THIS: Bad Dreamers
March 6, 2017
The future is coming fast, and leaving at least as quickly. Five-minutes-from-now is a much scarier prospect than some distant dystopia, since we have less time to think we’re prepared. Time, of course, ran out on November 8, 2016, which is why the bottom of the canyon (metaphorically) and the vast wasteland (literally) we find ourselves facing in Logan is seen only 12 years from now, and has already been inhabited for some time.
Twilights of the superpowers are much on people’s minds, which is why we reach the end of the road for the Wolverine franchise with this chapter. That road heads to a lot of dead ends, nowheres and crashes, as a declining Logan (Hugh Jackman, swearing this is where he jumps off) lays low as a limo driver for questionable elites and marginal alt-entrepreneurs near the Texas/Mexico border. The resonance has to be intentional; the X-Men movies have always worn their allegory for racial and gender prejudice on their lycra sleeves, but no one is congratulating themselves or getting their hopes up in this movie, or behind the camera.
For reasons we don’t find out at once, mutants are nearly extinct as a strain of humanity, and Logan is across the border hiding an ailing, ninety-something Charles Xavier (heartbreakingly, tenaciously portrayed in what Patrick Stewart insists is his farewell too); the reason “Professor X” needs to be hidden also unfurls gradually, but both he and Logan are clearly in their last days, and uncharacteristically trying to go gentle — and you can guess how that’s destined to turn out.
In franchises, there’s always another chapter; in reality, the next one doesn’t necessarily involve you, and Logan has a strong sense of cycles recurring but circles closed. I always felt the original X-Men movie was at its core a parable of persistent feminine strength amidst both flawed and failed masculinity, with Rogue (Anna Paquin) as the embodied, embattled future and Logan and Magneto (Sir Ian) as conflicted but well-meaning older brother and quintessentially toxic dad, respectively. Here, a new, even younger girl falls into Logan’s charge, with a tie he cannot walk away from even as he knows he won’t likely survive the task and he struggles to shelter Xavier at the other end of the life-cycle.
The kid, Laura (also known to comics fans as “X-23”), is one of several exploited by a corporate-medical-government-military complex whose components have become indistinguishable (we’re in the social wreckage of, perhaps, three terms of President-for-Life Trump, one can imagine). The pursuit of them is superlatively brutal and deeply disturbing; the friend who got me into an advance screening was sure she’d have nightmares, but for me it felt more like this film itself was the nightmare, being had by the collective culture; the grotesque but accurate reflection of five-year-old Muslim boys being handcuffed in airports and Dreamer youth at risk of rounding up.
The violence is extreme, and reminds me of real-life footage of atrocities that would seep out of the Bosnian War; inescapably involving, but the opposite of inviting. It’s hard to foresee the commercial fortunes of this movie, though by the time you read this we’ll all have seen how its almighty first weekend was spent. The look of the film is a sun-bleached, metallic smogginess, grainy overexposure, and lo-tech variants on the world we recognize, all of which invokes near-future-dystopia films of the 1970s, for another unsettling sense of worlds we see coming more than once but can never escape.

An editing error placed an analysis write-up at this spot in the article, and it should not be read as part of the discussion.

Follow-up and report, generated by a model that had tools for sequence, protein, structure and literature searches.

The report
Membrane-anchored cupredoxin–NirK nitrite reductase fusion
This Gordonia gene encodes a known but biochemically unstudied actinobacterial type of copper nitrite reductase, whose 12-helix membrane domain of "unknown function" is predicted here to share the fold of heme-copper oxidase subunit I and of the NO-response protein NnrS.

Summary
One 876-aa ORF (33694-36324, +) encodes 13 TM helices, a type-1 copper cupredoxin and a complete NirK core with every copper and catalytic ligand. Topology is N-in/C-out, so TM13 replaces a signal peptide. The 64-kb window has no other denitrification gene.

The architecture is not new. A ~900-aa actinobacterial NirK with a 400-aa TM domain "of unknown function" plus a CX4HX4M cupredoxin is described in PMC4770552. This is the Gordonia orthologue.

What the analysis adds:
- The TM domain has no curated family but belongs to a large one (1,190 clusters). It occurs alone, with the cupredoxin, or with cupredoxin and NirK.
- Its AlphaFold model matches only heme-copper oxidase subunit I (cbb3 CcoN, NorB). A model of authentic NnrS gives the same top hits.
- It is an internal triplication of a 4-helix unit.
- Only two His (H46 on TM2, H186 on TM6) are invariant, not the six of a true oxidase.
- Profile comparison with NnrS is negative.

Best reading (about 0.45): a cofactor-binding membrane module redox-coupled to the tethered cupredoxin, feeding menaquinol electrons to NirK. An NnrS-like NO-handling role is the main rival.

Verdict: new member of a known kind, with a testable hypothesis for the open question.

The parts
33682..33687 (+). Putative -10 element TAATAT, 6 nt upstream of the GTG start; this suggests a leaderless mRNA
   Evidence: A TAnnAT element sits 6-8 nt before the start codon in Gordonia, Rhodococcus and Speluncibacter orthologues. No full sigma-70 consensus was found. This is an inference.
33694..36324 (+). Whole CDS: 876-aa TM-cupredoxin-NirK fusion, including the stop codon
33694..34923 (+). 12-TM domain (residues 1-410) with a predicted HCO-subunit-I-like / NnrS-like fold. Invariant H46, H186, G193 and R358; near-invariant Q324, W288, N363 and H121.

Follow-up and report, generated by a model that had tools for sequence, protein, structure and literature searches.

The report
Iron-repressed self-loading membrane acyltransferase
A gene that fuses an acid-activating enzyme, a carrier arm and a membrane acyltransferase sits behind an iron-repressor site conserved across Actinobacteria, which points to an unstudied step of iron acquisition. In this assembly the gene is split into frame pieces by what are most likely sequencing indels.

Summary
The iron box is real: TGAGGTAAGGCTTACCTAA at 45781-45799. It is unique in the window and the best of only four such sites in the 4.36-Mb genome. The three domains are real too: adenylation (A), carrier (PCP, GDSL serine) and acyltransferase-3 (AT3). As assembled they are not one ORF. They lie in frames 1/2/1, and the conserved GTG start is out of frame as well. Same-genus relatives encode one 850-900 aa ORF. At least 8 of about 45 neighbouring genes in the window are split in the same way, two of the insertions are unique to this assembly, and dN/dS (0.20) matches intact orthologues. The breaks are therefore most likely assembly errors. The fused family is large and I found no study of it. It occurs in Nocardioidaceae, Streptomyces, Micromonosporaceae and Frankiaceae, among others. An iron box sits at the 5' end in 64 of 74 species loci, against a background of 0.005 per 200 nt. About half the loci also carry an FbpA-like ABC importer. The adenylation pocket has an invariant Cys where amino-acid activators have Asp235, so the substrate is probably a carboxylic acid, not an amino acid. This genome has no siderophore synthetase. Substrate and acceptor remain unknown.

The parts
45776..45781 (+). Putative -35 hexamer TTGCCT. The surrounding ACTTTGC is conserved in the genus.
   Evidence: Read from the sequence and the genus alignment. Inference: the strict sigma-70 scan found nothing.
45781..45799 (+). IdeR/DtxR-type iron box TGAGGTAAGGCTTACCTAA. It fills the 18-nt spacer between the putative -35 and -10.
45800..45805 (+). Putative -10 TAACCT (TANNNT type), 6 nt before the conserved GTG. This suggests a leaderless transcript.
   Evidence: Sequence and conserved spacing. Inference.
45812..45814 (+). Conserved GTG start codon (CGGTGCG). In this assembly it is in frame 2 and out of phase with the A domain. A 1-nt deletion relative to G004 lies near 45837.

There are scraps of the lyrical, like the abandoned, toppled oil-tank where Xavier is kept, holes riddling its surface and letting in threads of light to make the dusky interior look like the Medieval idea of a firmament pierced with openings we didn’t know were stars. An interlude with a family that extends a moment of sanctuary to Logan, Xavier and Laura is consequentially tense and tragic. A eulogy that chokes off in Logan’s throat gives a bravely true-to-life portrait of inarticulacy, unspeakability, and one of the finest moments in an utterly committed performance from Jackman. As Laura, Dafne Keen shows an intensity and soul-deep injury which is terrifying and breathtaking to watch.
The era of the somber, self-reflective blockbuster (Arrival, the first Hunger Games film, Logan) is upon us. It’s an honest mythos not of our special abilities but our personal imperfections; both make us like no one else, and in need of each other. Our dream heroes are now on the run; maybe we’ll get farther in their footsteps, because they themselves aren’t built to make it out.
Special thanks: Kelly Jean Fitzsimmons.
MORE POSTS by ADAM McGOVERN: OFF-TOPIC (2019–2022 monthly) | textshow (2018 quarterly) | PANEL ZERO (comics-related Q&As, 2018 monthly) | THIS: (2016–2017 weekly) | PEOPLE YOU MEET IN HELL, a 5-part series about characters in McGovern’s and Paolo Leandri’s comic Nightworld | Two IDORU JONES comics by McGovern and Paolo Leandri | BOWIEOLOGY: Celebrating 50 years of Bowie | ODD ABSURDUM: How Felix invented the 21st century self | CROM YOUR ENTHUSIASM: C.L. Moore’s JIREL OF JOIRY stories | KERN YOUR ENTHUSIASM: Data 70 | HERC YOUR ENTHUSIASM: “Freedom” | KIRK YOUR ENTHUSIASM: Captain Camelot | KIRB YOUR ENTHUSIASM: Full Fathom Five | A 5-part series on Jack Kirby’s Fourth World mythos | Reviews of Annie Nocenti’s comics Katana, Catwoman, Klarion, and Green Arrow | The curated series FANCHILD | To see all of Adam’s posts, including HiLo Hero items on Lilli Carré, Judy Garland, Wally Wood, and others: CLICK HERE